“I often hear from clients that restricting foods makes them want those exact foods more often,” shares Thomason. “By allowing yourself to eat dessert on a regular basis, you can remove these foods from your ‘bad’ list and normalize them into a regular part of a healthy diet.

It also helps us slowly undo the unnecessary guilt and shame that so often arises when we have a banned brownie sundae. Food becomes good, biscuits become biscuits – that’s all – we are not “bad” for eating it, nor are we “good” for skipping it. “By allowing yourself to eat all your food, can help to neutralize food and remove the moral value of food,” adds Kolesa.

Additionally, Ruth points out that eating dessert regularly sends a positive message to those around us, including kids, friends, and family, “Loving dessert. It’s possible to feel free from guilt while also caring about your health.

Desserts often include essential nutrients from a range of food groups

Believe it or not, all desserts provide us with some kind of essential nutrition (and often more than one). I’ve never looked at dessert foods primarily through a nutritional lens, but I like to break down the false belief that desserts don’t provide us with nutrition.

In fact, they’re often a good source of the three macronutrients our bodies and brains need several times a day to function and thrive — carbohydrates (from dairy, fruits, and grains), fats (from oils and butters), and sometimes protein (from nuts and dairy). They also often provide us with essential vitamins and minerals, such as vitamin D and calcium, as well as fiber and antioxidants (think dairy, dark chocolate, fruit cereals and nuts). Plus, according to Kolesa, there’s good news for chocolate lovers—emerging research has shown an association between chocolate consumption and improved symptoms of depression .

From cookies to cakes, every dessert we love provides us with at least one nutrient, and some provide us with much more than expected. “Pairing cookies or brownies with milk is one way you can get more vitamin D, protein and calcium in your diet,” shares Kolesa. “If you have a dairy intolerance or allergy, crushed walnuts are easy to add, especially to brownies.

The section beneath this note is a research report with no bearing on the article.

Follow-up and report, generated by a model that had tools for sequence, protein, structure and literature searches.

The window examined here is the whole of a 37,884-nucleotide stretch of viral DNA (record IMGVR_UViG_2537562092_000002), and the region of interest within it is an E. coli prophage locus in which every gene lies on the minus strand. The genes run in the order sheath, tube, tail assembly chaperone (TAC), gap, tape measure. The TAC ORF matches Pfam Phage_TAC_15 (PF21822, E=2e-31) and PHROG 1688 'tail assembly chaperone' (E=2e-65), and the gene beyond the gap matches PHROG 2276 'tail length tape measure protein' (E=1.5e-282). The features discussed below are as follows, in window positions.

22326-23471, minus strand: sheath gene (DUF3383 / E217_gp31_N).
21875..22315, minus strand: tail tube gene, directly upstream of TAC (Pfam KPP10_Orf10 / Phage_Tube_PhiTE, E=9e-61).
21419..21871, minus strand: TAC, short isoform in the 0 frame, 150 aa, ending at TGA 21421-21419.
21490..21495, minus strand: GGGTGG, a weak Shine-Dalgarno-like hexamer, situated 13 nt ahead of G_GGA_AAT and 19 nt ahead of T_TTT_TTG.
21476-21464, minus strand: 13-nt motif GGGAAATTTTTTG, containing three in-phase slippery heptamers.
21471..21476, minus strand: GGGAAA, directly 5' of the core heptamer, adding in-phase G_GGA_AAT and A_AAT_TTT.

Personally, one of my favorite desserts is fruit pie, crisp or crumble, because it’s warm, comforting, and satisfying, and it reminds me of my mom who passed down her apple crisp recipe. Plus, nutritionally, it provides me with energizing grains and fruits, as well as saturating fat. Of course, I love my warm ice cream (the real deal too!), which is another great source of bone-building calcium and vitamin D.

Eating delicious desserts is a way to experience the joys of life – food is nourishment on a physical and emotional level

In my work with clients, healing their relationship with food often means bringing joy into their lives for the first time since they were children. In the process, they internalize the food culture’s message that enjoying one of life’s greatest pleasures—delicious food, especially dessert—is taboo, and doing so often leads to feelings of shame and guilt.

The thing is, we enjoy food, including sweets, we’re only human, and we’re all supposed to enjoy eating. “Pleasure can be experienced from the memory that accompanies certain foods,” Ruth said. “You may have a relative humming as you bite into a piece of pie, or you may share the same love of chocolate with your grandparents. For me, some of the happiest memories of my life are sitting around a table eating a meal A delicious meal that always ends with a mouthwatering dessert.

“Food is more than just calories and macronutrients. It’s also the connection to other people, it helps with our emotional coping, and it’s fun,” shares Ruth. “I don’t know about you, but I get pure joy from eating chocolate, especially when it’s paired with coffee.

In my own recovery, and in observing my clients, I believe that embracing the joys of eating, including dessert, often creates a domino effect for the rest of our lives. We can more naturally allow ourselves to enjoy other parts of being human, such as having sex, admiring a sunset, spending a slow Sunday morning, or reading a novel — all for the pleasure of it.